Lazarus targets macOS with crypto-currency malware
Researchers from Kaspersky Lab's Global Research and Analysis Team (GReAT) have uncovered a new malicious operation, dubbed 'AppleJeus', which is linked to the North Korean advanced persistent threat (APT) group, Lazarus.
The group, which is notorious for its cyber espionage and cyber sabotage attacks, as well as financially motivated attacks, penetrated the network of a crypto-currency exchange in Asia using crypto-currency trading software.
The attack was designed to steal crypto-currency and, in addition to Windows-based malware, researchers identified a previously unknown version targeting the macOS platform.
Although the Lazarus Group has been behind many previous campaigns, this the first time that Kaspersky Lab has seen the group distributing malware that targets macOS users. "It represents a wake-up call for everyone who uses this OS for crypto-currency-related activity," says Kaspersky.
Based on the researchers' analysis, the penetration of the stock exchange's infrastructure began when an unwitting employee downloaded a third-party application from a legitimate-looking Web site of an organisation that develops software for crypto-currency trading.
According to the researchers, the application's code does not seem suspicious, with the exception of an updater. In legitimate software, updaters are used to download new versions of programs, but with AppleJeus, the component acts like a reconnaissance module.
It starts by collecting basic information about the machine upon which it has been installed, then sends this information back to the command and control server. If the attackers decide the target is worth pursuing, the malware comes back in the form of a software update.
AppleJeus then installs a Trojan called Fallchill, a tool that the Lazarus Group has employed in the past, which gave the researchers a basis for attribution.
"Upon installation, the Fallchill Trojan provides the attackers with almost unlimited access to the attacked computer, allowing them to steal valuable financial information or to deploy additional tools for that purpose," Kaspersky adds.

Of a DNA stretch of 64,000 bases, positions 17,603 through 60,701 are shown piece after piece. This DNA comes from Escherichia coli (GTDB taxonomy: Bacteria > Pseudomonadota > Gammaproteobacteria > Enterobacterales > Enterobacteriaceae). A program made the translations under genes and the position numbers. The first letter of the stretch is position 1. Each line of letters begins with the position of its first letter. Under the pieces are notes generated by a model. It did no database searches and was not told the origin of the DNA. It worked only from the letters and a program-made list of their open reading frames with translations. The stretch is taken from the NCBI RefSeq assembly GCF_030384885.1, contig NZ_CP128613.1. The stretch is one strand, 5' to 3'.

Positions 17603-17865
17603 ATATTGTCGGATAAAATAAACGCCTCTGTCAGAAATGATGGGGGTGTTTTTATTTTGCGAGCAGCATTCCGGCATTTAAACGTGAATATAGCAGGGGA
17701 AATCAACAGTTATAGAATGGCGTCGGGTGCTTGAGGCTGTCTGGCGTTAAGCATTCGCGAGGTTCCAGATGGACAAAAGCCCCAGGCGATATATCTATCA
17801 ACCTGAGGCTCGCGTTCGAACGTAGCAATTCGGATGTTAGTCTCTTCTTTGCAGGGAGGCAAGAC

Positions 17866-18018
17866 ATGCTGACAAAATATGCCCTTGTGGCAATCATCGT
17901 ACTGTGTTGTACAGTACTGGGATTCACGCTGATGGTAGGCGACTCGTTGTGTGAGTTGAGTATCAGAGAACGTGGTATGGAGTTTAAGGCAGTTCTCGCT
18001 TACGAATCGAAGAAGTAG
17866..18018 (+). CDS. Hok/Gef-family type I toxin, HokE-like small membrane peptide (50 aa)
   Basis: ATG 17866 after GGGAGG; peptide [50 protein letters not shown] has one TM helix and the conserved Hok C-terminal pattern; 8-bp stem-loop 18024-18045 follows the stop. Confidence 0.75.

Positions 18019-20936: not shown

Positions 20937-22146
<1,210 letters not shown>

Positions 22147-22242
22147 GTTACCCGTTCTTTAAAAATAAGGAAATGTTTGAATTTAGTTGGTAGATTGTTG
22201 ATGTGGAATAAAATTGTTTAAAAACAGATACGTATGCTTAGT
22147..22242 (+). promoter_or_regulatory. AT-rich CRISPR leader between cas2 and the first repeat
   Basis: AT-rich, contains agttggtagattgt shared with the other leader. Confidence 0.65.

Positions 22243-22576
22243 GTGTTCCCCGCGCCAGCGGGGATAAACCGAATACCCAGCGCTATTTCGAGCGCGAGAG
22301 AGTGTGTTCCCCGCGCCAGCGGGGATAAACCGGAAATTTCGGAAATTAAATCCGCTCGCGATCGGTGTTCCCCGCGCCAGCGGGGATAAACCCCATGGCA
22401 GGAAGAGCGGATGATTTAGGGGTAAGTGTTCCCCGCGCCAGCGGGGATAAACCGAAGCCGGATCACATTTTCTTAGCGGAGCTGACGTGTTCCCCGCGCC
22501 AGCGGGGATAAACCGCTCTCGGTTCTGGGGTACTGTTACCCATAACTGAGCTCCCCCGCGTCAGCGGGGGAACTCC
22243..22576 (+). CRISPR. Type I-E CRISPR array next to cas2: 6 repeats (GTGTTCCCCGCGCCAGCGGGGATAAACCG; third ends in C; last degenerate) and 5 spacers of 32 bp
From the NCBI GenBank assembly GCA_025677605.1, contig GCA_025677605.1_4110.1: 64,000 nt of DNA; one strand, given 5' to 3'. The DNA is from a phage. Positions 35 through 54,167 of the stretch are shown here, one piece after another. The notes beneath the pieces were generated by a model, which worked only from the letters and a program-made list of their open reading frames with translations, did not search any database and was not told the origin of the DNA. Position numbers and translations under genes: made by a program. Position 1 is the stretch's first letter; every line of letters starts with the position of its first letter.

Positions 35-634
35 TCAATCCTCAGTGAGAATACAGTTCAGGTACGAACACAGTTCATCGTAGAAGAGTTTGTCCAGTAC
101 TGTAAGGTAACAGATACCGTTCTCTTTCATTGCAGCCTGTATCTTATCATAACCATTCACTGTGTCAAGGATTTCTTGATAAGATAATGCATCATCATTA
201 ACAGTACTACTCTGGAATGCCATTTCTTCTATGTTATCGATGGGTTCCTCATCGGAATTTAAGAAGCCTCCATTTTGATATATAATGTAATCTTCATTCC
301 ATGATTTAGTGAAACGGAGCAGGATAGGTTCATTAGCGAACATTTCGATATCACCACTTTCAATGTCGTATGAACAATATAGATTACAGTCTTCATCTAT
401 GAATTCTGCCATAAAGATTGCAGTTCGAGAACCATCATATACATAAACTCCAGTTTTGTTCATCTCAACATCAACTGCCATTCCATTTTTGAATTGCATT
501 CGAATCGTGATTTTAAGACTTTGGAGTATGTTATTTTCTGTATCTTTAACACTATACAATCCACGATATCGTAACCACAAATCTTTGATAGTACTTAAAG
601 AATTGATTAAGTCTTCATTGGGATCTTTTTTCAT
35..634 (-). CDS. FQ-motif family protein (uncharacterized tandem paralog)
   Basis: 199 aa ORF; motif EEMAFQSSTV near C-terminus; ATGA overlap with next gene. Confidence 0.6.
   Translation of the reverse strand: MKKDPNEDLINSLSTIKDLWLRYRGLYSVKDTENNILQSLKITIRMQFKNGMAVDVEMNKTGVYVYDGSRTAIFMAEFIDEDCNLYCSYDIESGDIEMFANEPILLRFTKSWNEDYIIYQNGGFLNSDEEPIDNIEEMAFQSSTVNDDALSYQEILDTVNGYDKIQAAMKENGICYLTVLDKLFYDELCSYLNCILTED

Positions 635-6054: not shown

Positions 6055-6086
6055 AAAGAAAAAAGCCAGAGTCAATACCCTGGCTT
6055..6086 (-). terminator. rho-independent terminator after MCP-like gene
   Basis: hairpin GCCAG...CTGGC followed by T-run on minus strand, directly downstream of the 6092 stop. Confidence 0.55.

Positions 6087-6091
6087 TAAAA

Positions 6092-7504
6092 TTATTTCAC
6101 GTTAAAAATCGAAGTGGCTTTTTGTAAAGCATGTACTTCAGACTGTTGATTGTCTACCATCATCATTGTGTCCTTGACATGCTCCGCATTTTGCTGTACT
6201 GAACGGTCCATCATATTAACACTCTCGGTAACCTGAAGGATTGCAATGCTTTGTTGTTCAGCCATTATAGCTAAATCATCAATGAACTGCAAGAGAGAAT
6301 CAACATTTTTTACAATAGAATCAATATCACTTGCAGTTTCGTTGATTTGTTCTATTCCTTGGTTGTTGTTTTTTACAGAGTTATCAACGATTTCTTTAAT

The macOS platform is generally targeted far less by cyber threats than Windows and, in this case, functionality of both versions of the malware is identical.
Another element that makes this malware anomalous, is that while it appears to be a supply chain attack, this is not necessarily the case.
The vendor of the crypto-currency trading software that was used to deliver the malicious payload to its victims has a valid digital certificate for signing its software and legitimate-looking registration records for the domain. However, on the information available at the time, Kaspersky Lab could not identify any legitimate organisation located at the address used in the certificate's data.
Targeting crypto-currency exchanges
Vitaly Kamluk, head of the GReAT APAC team at Kaspersky Lab, says his organisation noticed the Lazarus Group's growing interest in crypto-currency markets at the beginning of 2017, when Monero mining software was installed on one of their servers by a Lazarus operator.
Since then, the group has been seen targeting crypto-currency exchanges alongside regular financial organisations several times.
"The fact that they developed malware to infect macOS users in addition to Windows users, and most likely even created an entirely fake software company and software product in order to be able to deliver this malware undetected by security solutions, means that they see potentially big profits in the whole operation, and we should definitely expect more such cases in the near future," adds Kamluk.
Don't trust the code
In order to protect against sophisticated cyberattacks from groups like Lazarus, Kaspersky Lab advises users and businesses to not automatically trust the code running on their systems. "Neither an authentic-looking Web site, nor a solid company profile, nor digital certificates guarantee the absence of backdoors."
Next, it says to use a robust security solution that features malicious behaviour-detection technologies that enable even previously unknown threats to be caught.
Also, Kaspersky advises to subscribe to a high-quality threat intelligence reporting service in order to get early access to information on the most recent developments in the tactics, techniques and procedures of sophisticated threat actors.
"Use multifactor authentication and hardware wallets if you are dealing with significant financial transactions," Kaspersky advises. "For this purpose, preferably use a standalone, isolated computer that you do not use to browse the Internet or read e-mail."